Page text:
June 26, 2013

Out Of The Ordinary

In the real world, when we see something out of the ordinary, we take a picture of it.

What do we do when we see something out of the ordinary in business?

Curiosity is a gift.  Too often, we let software limit our curiosity.

I once asked an analyst if he calculated profit.  He told me that the systems weren't integrated well enough for him to incorporate profitability into his calculations.  He didn't possess the curiosity required to investigate if any data could be linked.

Another analyst produced a report that didn't tie out with the report the EVP possessed.  The analyst didn't have the curiosity to find out why the data didn't match, only offering that the data came from "different systems".

Or as I'm seeing a lot lately ... merchandise performance absolutely stinks, and somebody notices something odd in the data.  But ... and this is a big but ... "that's the responsibility of the merchandising team, it's simply not my job to analyze the performance of merchandise, that's the job of the merchandising team."

Wrong.

Wrong.


Terribly wrong.

When you see something out of the ordinary, document it (i.e. take a picture).  Then go figure out what the heck is going on.  Odds are nobody else is seeing what you are seeing, and even if somebody else is analyzing the issue, they aren't analyzing it the way you analyze it!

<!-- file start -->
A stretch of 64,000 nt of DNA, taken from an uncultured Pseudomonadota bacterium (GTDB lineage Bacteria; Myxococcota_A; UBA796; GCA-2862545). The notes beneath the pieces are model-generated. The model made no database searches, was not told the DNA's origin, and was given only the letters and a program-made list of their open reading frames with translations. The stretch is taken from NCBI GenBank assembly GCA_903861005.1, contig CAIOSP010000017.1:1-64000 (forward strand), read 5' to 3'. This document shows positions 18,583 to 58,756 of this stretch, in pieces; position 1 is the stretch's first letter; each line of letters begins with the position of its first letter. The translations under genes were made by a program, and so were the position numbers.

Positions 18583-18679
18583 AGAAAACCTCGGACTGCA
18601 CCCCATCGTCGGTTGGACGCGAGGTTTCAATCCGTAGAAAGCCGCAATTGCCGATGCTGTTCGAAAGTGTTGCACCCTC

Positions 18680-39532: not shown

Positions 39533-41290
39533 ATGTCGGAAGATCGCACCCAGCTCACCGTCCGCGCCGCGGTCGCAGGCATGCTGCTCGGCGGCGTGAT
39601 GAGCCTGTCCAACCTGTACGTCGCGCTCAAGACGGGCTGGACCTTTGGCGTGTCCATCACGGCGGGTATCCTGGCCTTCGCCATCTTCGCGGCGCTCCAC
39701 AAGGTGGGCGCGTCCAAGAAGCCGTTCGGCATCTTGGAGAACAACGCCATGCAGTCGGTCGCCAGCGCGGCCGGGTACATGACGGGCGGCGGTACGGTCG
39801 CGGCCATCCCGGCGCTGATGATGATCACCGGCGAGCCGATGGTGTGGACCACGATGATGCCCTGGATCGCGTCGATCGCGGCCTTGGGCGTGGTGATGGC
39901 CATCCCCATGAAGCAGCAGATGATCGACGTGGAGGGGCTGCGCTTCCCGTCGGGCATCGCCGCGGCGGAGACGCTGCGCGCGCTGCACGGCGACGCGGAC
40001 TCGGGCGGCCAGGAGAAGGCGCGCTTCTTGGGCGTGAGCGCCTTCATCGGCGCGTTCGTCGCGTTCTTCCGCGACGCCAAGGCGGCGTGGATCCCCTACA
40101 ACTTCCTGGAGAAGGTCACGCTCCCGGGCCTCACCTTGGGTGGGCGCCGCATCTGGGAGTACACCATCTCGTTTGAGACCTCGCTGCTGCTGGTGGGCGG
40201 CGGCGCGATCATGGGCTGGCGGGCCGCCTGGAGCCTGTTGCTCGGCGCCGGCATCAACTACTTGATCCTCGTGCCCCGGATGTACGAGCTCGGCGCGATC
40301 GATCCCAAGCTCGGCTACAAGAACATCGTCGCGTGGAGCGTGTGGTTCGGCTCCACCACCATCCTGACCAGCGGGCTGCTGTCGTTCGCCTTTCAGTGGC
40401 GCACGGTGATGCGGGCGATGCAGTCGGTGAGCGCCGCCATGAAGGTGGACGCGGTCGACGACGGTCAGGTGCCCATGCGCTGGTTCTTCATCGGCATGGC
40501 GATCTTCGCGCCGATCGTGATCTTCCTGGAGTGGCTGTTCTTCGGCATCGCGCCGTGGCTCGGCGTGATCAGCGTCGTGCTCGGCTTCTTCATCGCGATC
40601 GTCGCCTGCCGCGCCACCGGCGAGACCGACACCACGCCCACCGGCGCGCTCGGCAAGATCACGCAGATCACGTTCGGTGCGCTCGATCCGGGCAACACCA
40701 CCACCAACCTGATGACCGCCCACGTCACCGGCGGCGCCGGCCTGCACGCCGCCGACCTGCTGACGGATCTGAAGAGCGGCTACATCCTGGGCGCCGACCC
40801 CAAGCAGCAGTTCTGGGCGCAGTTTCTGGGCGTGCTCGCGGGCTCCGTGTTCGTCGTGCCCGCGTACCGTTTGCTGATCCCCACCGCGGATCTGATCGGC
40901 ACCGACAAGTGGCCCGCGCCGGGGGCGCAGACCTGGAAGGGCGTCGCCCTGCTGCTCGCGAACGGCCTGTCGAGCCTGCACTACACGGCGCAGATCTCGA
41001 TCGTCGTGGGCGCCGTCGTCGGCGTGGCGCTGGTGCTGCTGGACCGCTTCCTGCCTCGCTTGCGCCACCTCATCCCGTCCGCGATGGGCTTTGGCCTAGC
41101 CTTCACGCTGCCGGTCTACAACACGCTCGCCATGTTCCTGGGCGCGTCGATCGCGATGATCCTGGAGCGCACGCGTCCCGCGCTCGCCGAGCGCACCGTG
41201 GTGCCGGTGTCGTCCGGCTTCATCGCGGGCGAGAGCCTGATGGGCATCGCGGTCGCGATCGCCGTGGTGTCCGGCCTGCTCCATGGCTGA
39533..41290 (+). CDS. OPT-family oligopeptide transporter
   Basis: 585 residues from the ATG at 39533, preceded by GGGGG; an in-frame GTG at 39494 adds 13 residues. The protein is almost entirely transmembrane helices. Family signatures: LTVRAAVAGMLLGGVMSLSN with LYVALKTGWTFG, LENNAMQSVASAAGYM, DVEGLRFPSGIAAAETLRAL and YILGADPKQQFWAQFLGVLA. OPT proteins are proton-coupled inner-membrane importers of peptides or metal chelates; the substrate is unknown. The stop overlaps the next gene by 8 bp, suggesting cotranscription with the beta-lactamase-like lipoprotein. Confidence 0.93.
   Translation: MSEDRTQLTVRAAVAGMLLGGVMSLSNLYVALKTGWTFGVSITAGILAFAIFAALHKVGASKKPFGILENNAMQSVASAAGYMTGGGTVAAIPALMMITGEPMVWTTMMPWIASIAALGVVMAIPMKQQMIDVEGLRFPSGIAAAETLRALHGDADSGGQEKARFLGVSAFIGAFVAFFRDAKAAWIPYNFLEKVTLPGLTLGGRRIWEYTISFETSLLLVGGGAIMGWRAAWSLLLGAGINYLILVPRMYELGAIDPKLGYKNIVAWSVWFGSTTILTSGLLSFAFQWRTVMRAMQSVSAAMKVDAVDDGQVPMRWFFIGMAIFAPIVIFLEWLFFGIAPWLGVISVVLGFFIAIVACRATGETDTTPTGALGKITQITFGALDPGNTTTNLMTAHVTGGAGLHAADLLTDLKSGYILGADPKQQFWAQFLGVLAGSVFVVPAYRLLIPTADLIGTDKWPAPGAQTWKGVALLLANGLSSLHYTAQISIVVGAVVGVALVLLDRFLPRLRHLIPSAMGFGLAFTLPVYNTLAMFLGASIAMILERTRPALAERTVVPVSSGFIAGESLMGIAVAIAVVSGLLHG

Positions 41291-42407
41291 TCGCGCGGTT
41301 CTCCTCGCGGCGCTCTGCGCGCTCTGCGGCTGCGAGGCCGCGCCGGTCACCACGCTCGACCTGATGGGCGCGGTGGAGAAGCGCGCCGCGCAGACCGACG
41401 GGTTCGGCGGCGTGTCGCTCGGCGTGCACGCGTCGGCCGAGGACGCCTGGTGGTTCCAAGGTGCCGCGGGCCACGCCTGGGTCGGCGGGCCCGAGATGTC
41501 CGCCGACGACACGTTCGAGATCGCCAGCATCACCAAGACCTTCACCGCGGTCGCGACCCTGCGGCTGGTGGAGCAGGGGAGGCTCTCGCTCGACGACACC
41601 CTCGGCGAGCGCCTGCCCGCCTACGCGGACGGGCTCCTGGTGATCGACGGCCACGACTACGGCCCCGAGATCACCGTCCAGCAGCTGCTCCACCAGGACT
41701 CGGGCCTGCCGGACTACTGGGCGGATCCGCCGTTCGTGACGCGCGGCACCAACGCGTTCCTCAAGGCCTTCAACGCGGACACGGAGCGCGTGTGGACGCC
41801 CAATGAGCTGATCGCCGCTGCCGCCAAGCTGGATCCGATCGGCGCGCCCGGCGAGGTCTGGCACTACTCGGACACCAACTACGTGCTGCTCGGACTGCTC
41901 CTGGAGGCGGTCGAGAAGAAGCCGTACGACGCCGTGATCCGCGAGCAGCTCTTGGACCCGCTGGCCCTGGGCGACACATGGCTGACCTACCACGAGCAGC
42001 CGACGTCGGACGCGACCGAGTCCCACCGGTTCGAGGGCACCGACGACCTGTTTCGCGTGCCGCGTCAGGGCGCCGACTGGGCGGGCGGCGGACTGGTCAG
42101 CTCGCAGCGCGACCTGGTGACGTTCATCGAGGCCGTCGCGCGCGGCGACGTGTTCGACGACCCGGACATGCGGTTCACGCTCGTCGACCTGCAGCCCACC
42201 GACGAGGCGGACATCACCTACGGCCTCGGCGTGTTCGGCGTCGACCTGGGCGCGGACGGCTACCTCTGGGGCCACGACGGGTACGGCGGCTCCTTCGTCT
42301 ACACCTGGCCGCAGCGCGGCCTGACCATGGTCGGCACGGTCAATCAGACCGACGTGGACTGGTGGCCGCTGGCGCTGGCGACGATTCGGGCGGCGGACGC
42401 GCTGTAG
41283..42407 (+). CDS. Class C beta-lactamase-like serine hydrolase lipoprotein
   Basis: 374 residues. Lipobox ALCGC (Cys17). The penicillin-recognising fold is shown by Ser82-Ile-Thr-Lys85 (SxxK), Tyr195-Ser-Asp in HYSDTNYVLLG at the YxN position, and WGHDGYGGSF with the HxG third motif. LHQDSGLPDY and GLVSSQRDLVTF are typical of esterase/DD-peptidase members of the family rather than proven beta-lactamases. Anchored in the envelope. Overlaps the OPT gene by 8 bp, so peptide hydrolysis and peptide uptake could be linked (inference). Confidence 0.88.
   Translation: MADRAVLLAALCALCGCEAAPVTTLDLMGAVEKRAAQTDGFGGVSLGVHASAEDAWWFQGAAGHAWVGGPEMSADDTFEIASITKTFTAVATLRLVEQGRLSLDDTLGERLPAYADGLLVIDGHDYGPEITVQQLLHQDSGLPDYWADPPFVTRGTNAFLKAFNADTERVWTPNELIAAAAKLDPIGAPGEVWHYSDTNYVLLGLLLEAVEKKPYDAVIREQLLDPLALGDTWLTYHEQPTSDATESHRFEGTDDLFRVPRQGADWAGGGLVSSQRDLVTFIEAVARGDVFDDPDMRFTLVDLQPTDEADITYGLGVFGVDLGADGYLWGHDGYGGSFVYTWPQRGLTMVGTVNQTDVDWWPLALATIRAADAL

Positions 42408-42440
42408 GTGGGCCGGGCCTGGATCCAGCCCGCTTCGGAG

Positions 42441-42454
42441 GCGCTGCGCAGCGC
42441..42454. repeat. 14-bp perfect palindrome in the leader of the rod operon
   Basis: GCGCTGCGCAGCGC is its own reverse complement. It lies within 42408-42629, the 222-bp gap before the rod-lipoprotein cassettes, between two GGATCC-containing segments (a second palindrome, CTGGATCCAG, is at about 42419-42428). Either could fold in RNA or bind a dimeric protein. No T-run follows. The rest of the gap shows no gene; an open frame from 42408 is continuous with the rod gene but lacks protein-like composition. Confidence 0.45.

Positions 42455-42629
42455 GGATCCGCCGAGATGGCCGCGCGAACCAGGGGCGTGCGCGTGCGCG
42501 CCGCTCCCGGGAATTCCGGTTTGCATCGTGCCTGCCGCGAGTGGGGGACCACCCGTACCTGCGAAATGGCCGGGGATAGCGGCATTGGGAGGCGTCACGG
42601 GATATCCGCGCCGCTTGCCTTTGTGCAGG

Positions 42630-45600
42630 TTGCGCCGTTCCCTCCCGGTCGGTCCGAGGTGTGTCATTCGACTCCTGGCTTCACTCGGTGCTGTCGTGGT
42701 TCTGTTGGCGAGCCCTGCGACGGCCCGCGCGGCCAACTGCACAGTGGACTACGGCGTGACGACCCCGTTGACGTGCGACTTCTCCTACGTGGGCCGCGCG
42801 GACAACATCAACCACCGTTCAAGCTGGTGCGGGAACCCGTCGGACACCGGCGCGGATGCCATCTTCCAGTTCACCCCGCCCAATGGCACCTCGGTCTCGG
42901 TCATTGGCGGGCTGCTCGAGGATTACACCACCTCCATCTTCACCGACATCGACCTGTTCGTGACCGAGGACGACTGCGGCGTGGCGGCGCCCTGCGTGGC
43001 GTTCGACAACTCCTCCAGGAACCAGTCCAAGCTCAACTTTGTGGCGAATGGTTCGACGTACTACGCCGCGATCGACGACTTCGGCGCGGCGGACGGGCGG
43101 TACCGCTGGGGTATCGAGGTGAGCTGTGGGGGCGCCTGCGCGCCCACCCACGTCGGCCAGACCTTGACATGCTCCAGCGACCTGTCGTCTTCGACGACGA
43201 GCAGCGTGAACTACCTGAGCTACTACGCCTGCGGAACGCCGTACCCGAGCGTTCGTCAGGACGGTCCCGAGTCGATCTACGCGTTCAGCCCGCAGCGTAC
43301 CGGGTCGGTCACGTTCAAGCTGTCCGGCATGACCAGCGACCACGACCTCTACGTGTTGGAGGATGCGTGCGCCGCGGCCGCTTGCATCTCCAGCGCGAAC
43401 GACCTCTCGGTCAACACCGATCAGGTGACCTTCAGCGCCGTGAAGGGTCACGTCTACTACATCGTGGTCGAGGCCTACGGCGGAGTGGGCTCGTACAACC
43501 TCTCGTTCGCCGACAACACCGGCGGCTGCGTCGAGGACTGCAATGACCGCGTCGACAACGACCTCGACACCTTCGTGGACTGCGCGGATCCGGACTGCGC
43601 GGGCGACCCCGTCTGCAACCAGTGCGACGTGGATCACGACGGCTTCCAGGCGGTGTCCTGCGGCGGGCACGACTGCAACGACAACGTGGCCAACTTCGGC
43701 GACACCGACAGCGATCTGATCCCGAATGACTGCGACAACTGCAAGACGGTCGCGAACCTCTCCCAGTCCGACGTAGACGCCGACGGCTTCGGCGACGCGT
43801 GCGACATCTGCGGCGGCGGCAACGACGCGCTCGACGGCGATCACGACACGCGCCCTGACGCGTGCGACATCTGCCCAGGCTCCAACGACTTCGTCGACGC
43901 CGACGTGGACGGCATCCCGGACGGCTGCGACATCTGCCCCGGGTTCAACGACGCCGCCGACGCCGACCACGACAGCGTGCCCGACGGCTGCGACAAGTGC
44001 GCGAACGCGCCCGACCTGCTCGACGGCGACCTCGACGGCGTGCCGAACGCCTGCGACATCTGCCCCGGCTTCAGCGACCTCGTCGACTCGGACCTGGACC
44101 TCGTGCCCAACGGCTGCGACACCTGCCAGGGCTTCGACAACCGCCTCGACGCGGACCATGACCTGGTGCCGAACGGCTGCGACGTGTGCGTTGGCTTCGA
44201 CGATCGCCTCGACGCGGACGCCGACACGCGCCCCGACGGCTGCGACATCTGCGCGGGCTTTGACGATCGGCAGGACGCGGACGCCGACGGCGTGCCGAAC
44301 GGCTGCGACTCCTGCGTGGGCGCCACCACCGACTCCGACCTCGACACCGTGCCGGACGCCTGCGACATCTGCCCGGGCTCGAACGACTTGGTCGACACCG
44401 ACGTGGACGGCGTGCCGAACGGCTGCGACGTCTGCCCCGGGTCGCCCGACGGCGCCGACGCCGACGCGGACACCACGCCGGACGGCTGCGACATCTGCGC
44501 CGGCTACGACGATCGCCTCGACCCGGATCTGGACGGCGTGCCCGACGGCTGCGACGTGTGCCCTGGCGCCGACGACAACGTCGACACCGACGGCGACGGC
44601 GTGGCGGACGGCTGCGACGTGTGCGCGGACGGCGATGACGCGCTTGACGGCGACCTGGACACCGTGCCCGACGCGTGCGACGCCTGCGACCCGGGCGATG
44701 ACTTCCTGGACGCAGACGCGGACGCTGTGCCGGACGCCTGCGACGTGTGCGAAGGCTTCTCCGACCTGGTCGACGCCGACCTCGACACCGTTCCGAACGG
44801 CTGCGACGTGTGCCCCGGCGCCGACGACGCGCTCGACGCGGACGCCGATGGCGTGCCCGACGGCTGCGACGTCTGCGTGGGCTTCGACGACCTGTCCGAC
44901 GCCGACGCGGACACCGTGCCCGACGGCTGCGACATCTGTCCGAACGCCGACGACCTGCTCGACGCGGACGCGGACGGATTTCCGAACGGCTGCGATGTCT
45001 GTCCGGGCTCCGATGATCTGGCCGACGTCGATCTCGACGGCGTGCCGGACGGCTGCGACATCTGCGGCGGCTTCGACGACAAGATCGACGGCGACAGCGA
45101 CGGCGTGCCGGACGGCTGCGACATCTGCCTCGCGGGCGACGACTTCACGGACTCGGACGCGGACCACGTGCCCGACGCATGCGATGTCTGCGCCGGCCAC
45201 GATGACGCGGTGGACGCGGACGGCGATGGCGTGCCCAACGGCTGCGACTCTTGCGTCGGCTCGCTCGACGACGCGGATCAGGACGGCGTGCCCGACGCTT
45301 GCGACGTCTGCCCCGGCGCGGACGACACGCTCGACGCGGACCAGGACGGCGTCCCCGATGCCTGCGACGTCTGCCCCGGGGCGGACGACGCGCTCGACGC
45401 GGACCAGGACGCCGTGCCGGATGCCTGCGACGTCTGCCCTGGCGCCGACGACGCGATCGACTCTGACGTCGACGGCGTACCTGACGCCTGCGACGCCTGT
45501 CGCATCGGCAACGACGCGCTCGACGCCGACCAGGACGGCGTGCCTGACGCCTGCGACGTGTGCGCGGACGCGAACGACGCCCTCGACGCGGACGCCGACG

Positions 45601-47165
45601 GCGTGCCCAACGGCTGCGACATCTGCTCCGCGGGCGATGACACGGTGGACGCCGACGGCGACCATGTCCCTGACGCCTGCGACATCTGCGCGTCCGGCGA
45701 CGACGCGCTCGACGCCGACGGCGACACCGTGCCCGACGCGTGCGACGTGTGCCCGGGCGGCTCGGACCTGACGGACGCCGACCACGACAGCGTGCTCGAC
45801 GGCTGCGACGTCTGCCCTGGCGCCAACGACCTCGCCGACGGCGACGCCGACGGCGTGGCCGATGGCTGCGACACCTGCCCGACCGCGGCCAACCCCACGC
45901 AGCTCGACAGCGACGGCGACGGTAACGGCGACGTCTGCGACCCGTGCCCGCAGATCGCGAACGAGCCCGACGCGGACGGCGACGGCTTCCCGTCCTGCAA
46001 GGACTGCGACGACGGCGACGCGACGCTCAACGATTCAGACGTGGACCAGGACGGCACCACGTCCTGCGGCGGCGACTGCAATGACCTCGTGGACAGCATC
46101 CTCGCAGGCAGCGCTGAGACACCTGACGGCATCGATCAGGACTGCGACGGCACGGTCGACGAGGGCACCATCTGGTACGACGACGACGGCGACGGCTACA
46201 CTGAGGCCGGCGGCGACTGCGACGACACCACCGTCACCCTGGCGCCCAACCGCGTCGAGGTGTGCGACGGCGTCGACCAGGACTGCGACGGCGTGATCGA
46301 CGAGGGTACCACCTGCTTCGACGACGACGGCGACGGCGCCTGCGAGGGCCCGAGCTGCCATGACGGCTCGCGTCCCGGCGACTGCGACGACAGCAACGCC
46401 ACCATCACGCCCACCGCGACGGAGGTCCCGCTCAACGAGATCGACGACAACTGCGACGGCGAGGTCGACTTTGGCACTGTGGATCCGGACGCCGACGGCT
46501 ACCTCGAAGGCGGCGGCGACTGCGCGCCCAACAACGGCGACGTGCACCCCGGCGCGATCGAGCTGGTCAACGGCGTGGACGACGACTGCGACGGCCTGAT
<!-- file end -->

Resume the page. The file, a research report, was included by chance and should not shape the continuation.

1 comment:

  1. This is a great point. I'm a developer in a small company, so I have a lot of autonomy and ownership of the things that I work on, which I think is very important. I've been in different environments in the past, where it was just natural to expect the other guy in the other department to do something.

    I'm also working on a little side project - a service for Magento merchants. I just recently added in profitability calculation to some of the orders that the service is driving.

    It's exactly the kind of thing that if I was in a different (larger?) environment, I never would have thought to even care about, let alone to do some of the manual data entry that was needed to get the calculations to be accurate.

    But being the only one in charge of the whole thing, it just makes sense to do it. And after having done it, you see how incredibly valuable such a simple thing is, that otherwise you might not have even bothered with.

    I really enjoy the process of developing features (or performing analysis) when you have full ownership over the entire product. It's awesome!

    ReplyDelete

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